“In relation to the rejection of recommendations 8 and 10 so far as possible the principle of the same requirements for councillors as for state and federal members applies. In relation to recommendation 8 the Electoral Act and the LGA already provide for appropriate disclosure of election gifts by parties and candidates for election.

    “So far as recommendation 10 is concerned, the Government does not accept that unincorporated associations, including community groups, should be prevented from making donations.

    “The Government at this time is not implementing all of recommendation 1 which suggests candidates for local government elections continuously disclose gifts and donations and then be stopped from accepting further gifts and donations at specific times before and after an election.

    “This recommendation from the CMC is not workable, not equitable and would put a huge burden on council CEOs to administer.

    “Being clear therefore about who can receive donations and when and how they should be declared is sufficient. The complications of a turn off and turn it back on system are too difficult to make practicable,” Ms Boyle said.

    Ms Boyle said all of these reforms will be in place before the next local government elections in 2008.

    “On the matter of the potential charges against six people arising from the CMC inquiry a decision on whether to proceed is unfortunately some months away.

    “Barristers briefed by crown law have said the information provided by the CMC was not in such a form as to allow an immediate decision on whether anyone can or should be charged.

    “The evidentiary requirements of the CMC inquiry were significantly different from the requirements for a prosecution.

    “Crown Solicitor Conrad Lohe agrees with the barristers’ view that more investigative work is required before a decision is made to prosecute or not any of those named. The barristers have indicated to get to that decision we are looking at several months of work.

    “I understand the frustrations of those who have possible prosecutions hanging over their heads but legal requirements must be met and these are matters beyond my control,” Ms Boyle said.

    Response to recommendations of the Crime and Misconduct Commission

    Crime and Misconduct Commission recommendation

    How will existing legislation change.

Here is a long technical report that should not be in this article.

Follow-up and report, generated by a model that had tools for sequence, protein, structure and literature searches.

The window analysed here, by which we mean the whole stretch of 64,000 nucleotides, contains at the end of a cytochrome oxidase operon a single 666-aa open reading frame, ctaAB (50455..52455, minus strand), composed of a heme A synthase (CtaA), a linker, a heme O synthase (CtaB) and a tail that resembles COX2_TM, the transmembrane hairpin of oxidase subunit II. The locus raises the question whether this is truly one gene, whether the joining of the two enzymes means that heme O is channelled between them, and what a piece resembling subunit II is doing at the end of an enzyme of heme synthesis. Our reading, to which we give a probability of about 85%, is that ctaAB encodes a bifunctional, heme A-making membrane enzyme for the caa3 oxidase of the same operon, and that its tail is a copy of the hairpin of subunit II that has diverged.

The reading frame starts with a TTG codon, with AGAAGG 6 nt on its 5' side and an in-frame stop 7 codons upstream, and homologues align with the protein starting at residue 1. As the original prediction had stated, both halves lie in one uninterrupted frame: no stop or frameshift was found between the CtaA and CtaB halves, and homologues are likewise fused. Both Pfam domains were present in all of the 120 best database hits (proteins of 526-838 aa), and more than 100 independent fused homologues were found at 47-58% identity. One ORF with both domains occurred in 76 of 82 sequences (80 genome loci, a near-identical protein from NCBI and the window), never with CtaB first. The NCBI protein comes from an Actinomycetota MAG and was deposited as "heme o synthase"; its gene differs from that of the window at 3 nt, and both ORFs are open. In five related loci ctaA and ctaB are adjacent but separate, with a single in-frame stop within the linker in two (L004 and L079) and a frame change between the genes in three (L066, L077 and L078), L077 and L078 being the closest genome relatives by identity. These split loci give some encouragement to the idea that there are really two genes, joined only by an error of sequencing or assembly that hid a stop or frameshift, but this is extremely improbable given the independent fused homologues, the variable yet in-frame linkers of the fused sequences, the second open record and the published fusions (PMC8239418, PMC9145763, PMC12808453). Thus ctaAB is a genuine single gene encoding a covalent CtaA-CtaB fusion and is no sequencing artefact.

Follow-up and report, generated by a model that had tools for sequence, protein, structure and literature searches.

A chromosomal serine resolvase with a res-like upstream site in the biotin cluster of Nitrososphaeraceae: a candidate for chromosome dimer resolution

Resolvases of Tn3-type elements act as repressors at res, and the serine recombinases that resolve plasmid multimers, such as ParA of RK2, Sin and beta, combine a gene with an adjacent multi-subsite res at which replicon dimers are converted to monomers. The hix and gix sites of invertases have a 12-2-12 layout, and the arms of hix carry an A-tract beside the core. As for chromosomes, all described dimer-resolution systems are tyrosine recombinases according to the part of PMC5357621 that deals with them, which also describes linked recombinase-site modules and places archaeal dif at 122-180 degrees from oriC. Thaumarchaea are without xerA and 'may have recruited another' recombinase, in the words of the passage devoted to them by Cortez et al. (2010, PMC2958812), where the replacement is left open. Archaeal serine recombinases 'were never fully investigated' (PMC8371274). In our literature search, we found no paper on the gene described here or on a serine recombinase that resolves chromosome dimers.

Recommendation 1

    Accept with amendment

    • LGA amended so a councillor’s register of interests listing gifts, sponsored hospitality benefits, membership of organisations is displayed on the council’s website or is available at the counter free of charge.
    • Arrangements proposed for continuous disclosure and pre-election disclosure are not workable.

    Recommendation 2

    Accept

    • LGA be amended to require a local government to minute any declaration made by councillors that they have a conflict of interest, the nature of the conflict, how they dealt with the conflict and, if they voted on the matter giving rise to the conflict, how they voted.

    Recommendation 3

    Accept

    • Ethics principles for local government councillors at schedule 1 of the LGA amended to specify that councillors should be conscious that the consideration of matters before council involving people who have given gifts to a councillor may give rise to a conflict of interest.

    Recommendation 4

    Accept with amendment

    • LGA amended to deem all payments for fundraising functions, auctions, raffles etc. to be fundraising gifts; and, so as to remove any confusion, the amount required to be declared by the candidate should be the gross amount raised by the fundraising activity.
    • Payments for fundraising functions, auctions, raffles etc. to are to be disclosed as a special category of “fundraising amounts received”

    Recommendation 5

    Accept

    • LGA amended to require candidates who are part of a group of candidates to record, on nomination, their membership of the group, the name of the group and what other candidates are members of that group